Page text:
Court finds that Birubi Art misled consumers over fake Indigenous Australian art
The Federal Court has found that Birubi Art Pty Ltd (Birubi) made false or misleading representations that products it sold were made in Australia and hand painted by Australian Aboriginal persons, in breach of the Australian Consumer Law.
From July 2015 to November 2017 Birubi sold over 18,000 boomerangs, bullroarers, digeridoos and message stones to retail outlets around Australia.
These products, despite featuring designs associated with Australian Aboriginal art and words such as ‘Aboriginal Art’, ‘genuine’, and ‘Australia’, were made in Indonesia.
The Court concluded that the overwhelming impression conveyed by some of the products, and the associated images and representations, is that they were made in Australia and were hand painted by Australian Aboriginal persons.
“It was unacceptable that Birubi sold Indonesian made products as having being hand painted by Australian Aboriginal persons when that was not the case,” ACCC Commissioner Sarah Court said.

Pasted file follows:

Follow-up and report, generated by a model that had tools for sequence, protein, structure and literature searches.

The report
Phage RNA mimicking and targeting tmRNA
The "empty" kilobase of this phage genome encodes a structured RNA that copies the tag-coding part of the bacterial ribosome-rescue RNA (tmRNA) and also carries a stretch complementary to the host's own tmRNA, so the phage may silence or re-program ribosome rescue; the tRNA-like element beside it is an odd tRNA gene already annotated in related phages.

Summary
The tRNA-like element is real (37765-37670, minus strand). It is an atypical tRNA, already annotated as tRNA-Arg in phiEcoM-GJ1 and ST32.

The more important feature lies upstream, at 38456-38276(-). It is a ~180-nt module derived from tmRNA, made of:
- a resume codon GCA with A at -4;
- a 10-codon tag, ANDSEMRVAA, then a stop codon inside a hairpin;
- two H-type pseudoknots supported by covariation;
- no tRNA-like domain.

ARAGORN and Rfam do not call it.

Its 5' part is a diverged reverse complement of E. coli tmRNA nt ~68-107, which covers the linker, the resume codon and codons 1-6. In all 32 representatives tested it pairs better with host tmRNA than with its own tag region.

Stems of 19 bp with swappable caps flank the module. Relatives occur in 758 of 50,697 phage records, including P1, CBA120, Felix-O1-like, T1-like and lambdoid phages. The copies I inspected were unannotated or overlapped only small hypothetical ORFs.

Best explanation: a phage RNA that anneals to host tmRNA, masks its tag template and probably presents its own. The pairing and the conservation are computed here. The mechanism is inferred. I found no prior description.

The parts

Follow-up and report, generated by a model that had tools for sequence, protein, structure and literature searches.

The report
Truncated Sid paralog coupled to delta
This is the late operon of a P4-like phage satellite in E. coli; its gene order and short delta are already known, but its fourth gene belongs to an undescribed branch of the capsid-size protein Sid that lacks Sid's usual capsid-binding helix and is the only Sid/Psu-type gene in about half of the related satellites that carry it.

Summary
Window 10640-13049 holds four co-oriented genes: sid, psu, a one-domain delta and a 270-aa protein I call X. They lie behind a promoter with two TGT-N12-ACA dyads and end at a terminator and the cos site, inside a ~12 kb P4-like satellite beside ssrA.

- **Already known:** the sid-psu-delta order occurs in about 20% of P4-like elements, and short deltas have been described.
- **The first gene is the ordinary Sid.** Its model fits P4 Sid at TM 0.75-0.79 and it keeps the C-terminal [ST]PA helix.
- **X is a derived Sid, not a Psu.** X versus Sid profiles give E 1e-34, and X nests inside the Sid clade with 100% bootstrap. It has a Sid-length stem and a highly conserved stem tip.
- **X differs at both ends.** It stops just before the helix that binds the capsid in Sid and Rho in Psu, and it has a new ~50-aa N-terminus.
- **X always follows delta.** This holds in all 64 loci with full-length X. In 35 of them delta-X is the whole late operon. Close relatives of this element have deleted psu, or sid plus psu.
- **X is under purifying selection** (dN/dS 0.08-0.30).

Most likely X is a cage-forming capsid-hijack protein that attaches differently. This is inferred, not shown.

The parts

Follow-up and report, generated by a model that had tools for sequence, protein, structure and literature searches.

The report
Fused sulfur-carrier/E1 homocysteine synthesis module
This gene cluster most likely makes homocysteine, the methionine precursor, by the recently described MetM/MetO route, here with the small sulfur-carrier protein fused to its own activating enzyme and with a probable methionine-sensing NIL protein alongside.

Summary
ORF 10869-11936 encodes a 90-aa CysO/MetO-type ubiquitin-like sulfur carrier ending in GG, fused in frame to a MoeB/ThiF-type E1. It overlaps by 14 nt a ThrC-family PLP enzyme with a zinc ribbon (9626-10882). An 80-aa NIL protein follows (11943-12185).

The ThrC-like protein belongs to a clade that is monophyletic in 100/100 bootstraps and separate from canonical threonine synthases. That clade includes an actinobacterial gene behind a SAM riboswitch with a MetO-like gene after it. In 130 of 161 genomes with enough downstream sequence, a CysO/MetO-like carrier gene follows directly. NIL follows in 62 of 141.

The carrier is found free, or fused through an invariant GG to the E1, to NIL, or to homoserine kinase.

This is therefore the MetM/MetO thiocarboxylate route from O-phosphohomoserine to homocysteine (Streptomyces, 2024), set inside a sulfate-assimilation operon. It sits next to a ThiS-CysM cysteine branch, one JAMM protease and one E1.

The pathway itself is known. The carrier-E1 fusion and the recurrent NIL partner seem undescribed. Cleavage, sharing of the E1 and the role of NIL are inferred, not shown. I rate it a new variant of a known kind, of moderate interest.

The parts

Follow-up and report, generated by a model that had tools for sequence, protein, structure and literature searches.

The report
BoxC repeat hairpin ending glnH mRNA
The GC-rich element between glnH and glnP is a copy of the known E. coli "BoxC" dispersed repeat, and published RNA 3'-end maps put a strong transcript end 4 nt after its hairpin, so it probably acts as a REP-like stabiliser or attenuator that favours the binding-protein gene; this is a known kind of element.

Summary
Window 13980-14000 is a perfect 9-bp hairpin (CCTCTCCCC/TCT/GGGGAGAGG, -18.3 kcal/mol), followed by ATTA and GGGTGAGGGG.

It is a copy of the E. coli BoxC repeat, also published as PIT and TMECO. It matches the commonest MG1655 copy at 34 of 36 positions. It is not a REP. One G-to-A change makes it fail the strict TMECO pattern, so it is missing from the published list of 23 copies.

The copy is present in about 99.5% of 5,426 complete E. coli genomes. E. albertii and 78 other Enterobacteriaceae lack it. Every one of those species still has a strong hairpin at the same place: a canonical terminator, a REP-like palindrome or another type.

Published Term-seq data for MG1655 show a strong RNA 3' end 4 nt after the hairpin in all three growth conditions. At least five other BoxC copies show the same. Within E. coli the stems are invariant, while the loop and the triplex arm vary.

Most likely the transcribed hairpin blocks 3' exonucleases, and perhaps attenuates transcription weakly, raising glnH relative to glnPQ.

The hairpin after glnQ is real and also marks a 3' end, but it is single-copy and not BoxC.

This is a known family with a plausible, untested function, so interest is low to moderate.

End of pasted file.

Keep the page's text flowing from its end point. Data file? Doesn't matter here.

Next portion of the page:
“The artwork, images and statements used by Birubi suggested a relationship between Australian Aboriginal people and the production of the products which did not exist.”
“The ACCC is particularly concerned about any conduct that has the potential to undermine the integrity and value of genuine Indigenous Australian art, and consequently, the impact that could have on Indigenous Australian artists,” Ms Court said.
“The ACCC will not hesitate to take further action against traders who mislead consumers about the nature of their products, in order to ensure confidence in the Indigenous Australian art industry,” Ms Court said.
A hearing on penalties and other orders sought against Birubi by the ACCC will be held on a later date to be fixed by the Court.
Birubi is a wholesaler of Australian souvenir and Australiana products based in Kippa-Ring, Queensland.
The ACCC instituted proceedings against Birubi Art Pty Ltd in March 2018.
The proceedings form part of the ACCC’s work addressing conduct impacting Indigenous Australians, which is an enduring priority for the ACCC.
SOURCE: The Australian Consumer & Competition Commission (ACCC)